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Banking & Finance

Japan's megabanks are on the march in Southeast Asia

TOKYO   Japan's megabanks are splashing out across Southeast Asia.

     Bank of Tokyo-Mitsubishi UFJ recently decided to invest in a Philippine bank to secure a foothold in the country. It took a similar approach in Thailand, where it acquired a major commercial bank.

     Sumitomo Mitsui Banking Corp. aims to increase its stake in a bank in Indonesia, a primary market for its business expansion strategy.

     Although there are concerns about possible slowdowns in Asian economies, top Japanese banks are still on the hunt for acquisition targets.

     "The more markets crumble, the more acquisition opportunities crop up," an executive of another Japanese bank said following BTMU's announcement on Jan. 14 that it was buying a 20% stake in Security Bank of the Philippines. BTMU sealed the nearly 100 billion yen ($855 million) deal despite the unfavorable business environment; the rival executive clearly understands why the megabank pounced while Asian stock prices are weak and currencies are sliding.

     With the investment in the Philippine bank, BTMU will seek to promote services for individuals and small businesses in the country, where the middle-income segment is growing.

SHORTCUTS   While Japanese banks do business with big companies in Asian countries through their overseas branches, they find shortcuts in tie-ups with local institutions to expand retail banking services. These partners already have branch networks and customer bases.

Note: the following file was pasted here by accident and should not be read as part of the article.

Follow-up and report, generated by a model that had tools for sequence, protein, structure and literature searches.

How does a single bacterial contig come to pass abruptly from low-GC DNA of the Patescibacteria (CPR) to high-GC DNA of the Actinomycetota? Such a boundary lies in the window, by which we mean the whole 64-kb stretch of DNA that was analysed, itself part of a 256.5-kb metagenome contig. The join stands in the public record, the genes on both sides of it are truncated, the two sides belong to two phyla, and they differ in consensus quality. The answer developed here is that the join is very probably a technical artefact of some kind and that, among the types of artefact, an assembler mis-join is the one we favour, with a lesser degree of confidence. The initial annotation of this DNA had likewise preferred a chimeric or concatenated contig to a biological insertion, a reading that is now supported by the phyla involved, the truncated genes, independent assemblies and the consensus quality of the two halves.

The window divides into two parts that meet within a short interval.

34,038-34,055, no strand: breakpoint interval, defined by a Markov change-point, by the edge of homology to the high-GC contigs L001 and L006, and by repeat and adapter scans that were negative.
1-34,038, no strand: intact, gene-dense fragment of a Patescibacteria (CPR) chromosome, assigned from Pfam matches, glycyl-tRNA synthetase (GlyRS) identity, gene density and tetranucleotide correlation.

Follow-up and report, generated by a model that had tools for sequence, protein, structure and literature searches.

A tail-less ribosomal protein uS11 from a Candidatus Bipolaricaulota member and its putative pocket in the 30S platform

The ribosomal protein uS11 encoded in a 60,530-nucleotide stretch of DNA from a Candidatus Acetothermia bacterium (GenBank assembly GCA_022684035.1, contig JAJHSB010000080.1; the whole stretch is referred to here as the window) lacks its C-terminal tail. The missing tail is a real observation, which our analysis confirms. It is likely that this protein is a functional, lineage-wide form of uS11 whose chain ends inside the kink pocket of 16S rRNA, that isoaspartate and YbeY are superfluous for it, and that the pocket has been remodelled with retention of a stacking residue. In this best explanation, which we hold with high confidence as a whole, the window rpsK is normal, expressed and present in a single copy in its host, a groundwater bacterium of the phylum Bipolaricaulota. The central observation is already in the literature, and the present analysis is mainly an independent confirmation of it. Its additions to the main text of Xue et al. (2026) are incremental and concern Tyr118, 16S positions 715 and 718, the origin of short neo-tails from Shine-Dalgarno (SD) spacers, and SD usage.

BTMU has been providing retail services in Thailand via Bank of Ayudhya, which it acquired in 2013.

     SMBC is also seeking to expand its retail banking operations in Asia. In Indonesia, it acquired a 40% stake in Bank Tabungan Pensiunan Nasional, or BTPN, and launched services for individuals, such as remittances via cellphones. While the 40% interest is the maximum under Indonesia's bank ownership rules, SMBC President Takeshi Kunibe said, "The restriction may be eased in the future, creating an opportunity to acquire a majority stake."

     Last year, SMBC made Acleda Bank, the biggest bank in Cambodia, into an equity-method affiliate through an additional investment.

     Japan's three megabanks -- Mizuho Bank is the third -- have also invested in banks in Vietnam, which is drawing strong international attention as a result of its growth potential. 

    Japanese banks remain keen on Southeast Asian expansion because they hope to capitalize on the recent establishment of the ASEAN Economic Community, which is turning the region into a massive single market. They also hope to cash in on the implementation of the Trans-Pacific Partnership trade deal.

     But there are persistent concerns that Asian economies will flag as a result of China's prolonged economic slowdown. Geopolitical risks are also growing -- the recent terrorism in Indonesia being one illustration of this.

     Acquisitions, of course, are risky in and of themselves. Sumitomo Mitsui Financial Group, the parent of SMBC, logged an asset impairment loss of 55 billion yen after a sharp fall in BTPN's stock price.

     So as they embark on further investments, Japanese banks are being tested on their ability to spot opportunities amid tough market conditions.

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